3 Sure-Fire Green Solutions Obama Should Put in His Jobs Speech

3 Sure-Fire Green Solutions Obama Should Put in His Jobs Speech

The advance word has been mixed about President Obama's September 8 jobs speech. Bold or not bold? Rumors have been floated that bold will be the order of the day, but some of the President's advisors have been attempting to diminish expectations.

Were I advising President Obama on his speech, sustainable and energy-efficient building programs would be included in the mix as a high-growth and cost-effective way to get America back to work and enhance American competitiveness.

Programs that focus on building energy-efficiency create jobs not only in construction, but also in architecture; engineering; interior design; energy audit; the design, manufacture and sale of building equipment, materials and supplies; finance; law; and -- to support the tracking of building energy savings -- software development and sales.

As economists would say, building energy-efficiency programs have a high multiplier effect—they create significant economic activity per dollar spent. And, by reducing the operating costs of homes and commercial properties, such programs are cost-effective and improve American competitiveness.

Here are several building energy-efficiency programs that have tremendous promise, have won substantial bipartisan support, and produce meaningful, long and which warrant aggressive implementation:

PACE. Property Assessed Clean Energy (PACE) programs are much-needed vehicles to create American jobs while reducing building energy costs. PACE programs allow municipalities, upon state authorization, to create building energy-efficiency retrofit programs that are repaid by tax assessments on participating properties.

The programs can be used for a wide range of building energy-efficiency improvements, ranging from weatherization, to upgrading heating, ventilating and air conditioning equipment, to installing solar panels and other renewable energy systems.

PACE initiatives, the local creation of which has been authorized in 27 states, have been largely sidelined since mid-2010. The Federal Housing Finance Agency put the kibosh on residential PACE programs [PDF] by precluding Fannie Mae and Freddie Mac, which buy the lion's share of U.S. home loans in the secondary mortgage market, from purchasing PACE-encumbered mortgages. FHFA's action shut down the residential PACE market and had a chilling effect on commercial PAC E initiatives. (Full disclosure: My firm has advised several jurisdictions on PACE and serves on a team that will be creating a commercial PACE program for the District of Columbia.)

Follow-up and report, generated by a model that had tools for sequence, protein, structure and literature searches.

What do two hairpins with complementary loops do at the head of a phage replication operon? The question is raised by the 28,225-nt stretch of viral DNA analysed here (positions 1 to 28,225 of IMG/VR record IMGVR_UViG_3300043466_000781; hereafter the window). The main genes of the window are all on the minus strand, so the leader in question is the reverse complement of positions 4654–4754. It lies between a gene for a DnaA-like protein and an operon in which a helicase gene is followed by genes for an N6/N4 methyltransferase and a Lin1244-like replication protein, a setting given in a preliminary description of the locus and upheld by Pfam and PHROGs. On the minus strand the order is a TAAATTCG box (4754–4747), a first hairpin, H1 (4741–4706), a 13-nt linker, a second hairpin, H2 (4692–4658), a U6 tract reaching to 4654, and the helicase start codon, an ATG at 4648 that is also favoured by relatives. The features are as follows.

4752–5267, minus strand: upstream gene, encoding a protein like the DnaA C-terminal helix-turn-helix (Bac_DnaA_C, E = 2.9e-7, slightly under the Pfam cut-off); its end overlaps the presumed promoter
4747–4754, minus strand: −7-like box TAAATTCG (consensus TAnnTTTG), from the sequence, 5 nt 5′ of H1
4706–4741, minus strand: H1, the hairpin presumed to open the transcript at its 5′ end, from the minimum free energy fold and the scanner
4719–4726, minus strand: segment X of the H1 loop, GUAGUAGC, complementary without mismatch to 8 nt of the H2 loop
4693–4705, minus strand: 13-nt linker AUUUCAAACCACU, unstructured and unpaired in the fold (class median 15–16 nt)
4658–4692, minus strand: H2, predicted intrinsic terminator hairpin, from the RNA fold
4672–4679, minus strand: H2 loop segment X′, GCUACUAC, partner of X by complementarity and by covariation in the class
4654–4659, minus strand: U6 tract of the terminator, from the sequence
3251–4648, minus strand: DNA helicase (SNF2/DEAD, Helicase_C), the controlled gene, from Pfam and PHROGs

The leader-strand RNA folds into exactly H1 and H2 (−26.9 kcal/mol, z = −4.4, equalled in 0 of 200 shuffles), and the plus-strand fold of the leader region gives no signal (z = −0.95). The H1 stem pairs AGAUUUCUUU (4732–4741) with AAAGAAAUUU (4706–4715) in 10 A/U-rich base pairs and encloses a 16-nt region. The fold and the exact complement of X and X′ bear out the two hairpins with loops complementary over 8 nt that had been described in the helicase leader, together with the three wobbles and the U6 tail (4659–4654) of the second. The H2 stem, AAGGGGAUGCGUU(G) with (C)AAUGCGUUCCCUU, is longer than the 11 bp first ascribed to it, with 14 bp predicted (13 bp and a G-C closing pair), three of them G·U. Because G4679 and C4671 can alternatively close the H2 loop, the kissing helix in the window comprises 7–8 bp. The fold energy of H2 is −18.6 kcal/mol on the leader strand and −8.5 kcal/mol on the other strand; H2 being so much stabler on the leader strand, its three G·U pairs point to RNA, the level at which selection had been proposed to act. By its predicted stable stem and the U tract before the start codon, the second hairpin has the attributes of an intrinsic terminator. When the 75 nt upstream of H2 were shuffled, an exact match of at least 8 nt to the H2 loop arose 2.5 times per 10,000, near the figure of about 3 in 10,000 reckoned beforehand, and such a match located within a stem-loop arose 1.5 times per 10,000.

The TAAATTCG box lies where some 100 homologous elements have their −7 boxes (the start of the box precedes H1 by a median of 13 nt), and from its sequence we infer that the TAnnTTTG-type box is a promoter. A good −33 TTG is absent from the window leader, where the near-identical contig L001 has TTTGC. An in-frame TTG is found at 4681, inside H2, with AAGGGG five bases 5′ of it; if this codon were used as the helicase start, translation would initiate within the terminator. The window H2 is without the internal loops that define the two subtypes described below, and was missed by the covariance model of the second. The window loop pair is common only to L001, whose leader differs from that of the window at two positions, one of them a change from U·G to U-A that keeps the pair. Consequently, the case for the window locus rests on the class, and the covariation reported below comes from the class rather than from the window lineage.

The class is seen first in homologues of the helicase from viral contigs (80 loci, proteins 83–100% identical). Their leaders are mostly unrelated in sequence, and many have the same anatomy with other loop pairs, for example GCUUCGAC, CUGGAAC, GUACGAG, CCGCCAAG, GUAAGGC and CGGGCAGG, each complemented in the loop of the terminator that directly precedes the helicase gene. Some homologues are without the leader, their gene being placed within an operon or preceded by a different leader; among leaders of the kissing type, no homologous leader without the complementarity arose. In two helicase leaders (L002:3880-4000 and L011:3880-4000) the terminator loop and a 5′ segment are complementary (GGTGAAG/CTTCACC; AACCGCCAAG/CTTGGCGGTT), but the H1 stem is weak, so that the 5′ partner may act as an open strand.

Getting PACE back in gear should be easy for the President to support. Bipartisan legislation introduced in July in the U.S. House of Representatives, the PACE Assessment Protection Act of 2011, would require Fannie Mae and Freddie Mae to participate in PACE programs that met threshold criteria for safety and soundness.

Threshold standards include the use of qualified energy audits/feasibility studies and qualified contractors; capping the PACE assessment of 10 percent of the property value; and requiring that the property owner have at least 15 percent equity in the property. The PACE bill has been co-sponsored by 22 members of Congress, including 13 Republicans and 9 Democrats.

EISA. The retrofit provisions of the Energy Independence and Security Act [PDF], signed into law by President Bush in 2007, require federal agencies to retrofit 75 percent of the U.S. government's building stock to reduce energy use by at least 30 percent by 2015. Detailed guidelines that would help federal agencies to implement the program (and which my company and I helped draft) were submitted to the Department of Energy in late 2010.

I suspect that release of the guidelines was deferred due to uncertainty about federal outlays. That's a shame, because EISA retrofits can be undertaken only if project savings exceed expenditures -- a win for the taxpayer that would create jobs, too. Congress should fully fund EISA retrofit programs and the President should direct the Department of Energy to complete and release the federal-wide guidelines for its implementation.

The Section 179D Tax Incentive. The Section 179D tax incentive, approved under the 2005 Energy Policy Act, provides a deduction of up to $1.80 per square foot for commercial building energy-efficiency upgrades. That's a good start, but the incentive could be made far more attractive to encourage additional job growth.

The President's budget plan (still being debated in Congress) recommended converting the Section 179D deduction to a credit, a solid recommendation that would spur additional investments in building energy-efficiency. Another welcome revision would be to extend Section 179D to the multi-family housing sector. Finally, the rules regulating the incentive should permit tax-exempt investors (a group that includes REITS and pension funds) to transfer the incentive to transaction partners such as third party developers, financing sources and contractors.

Official White House Photo by Pete Souza.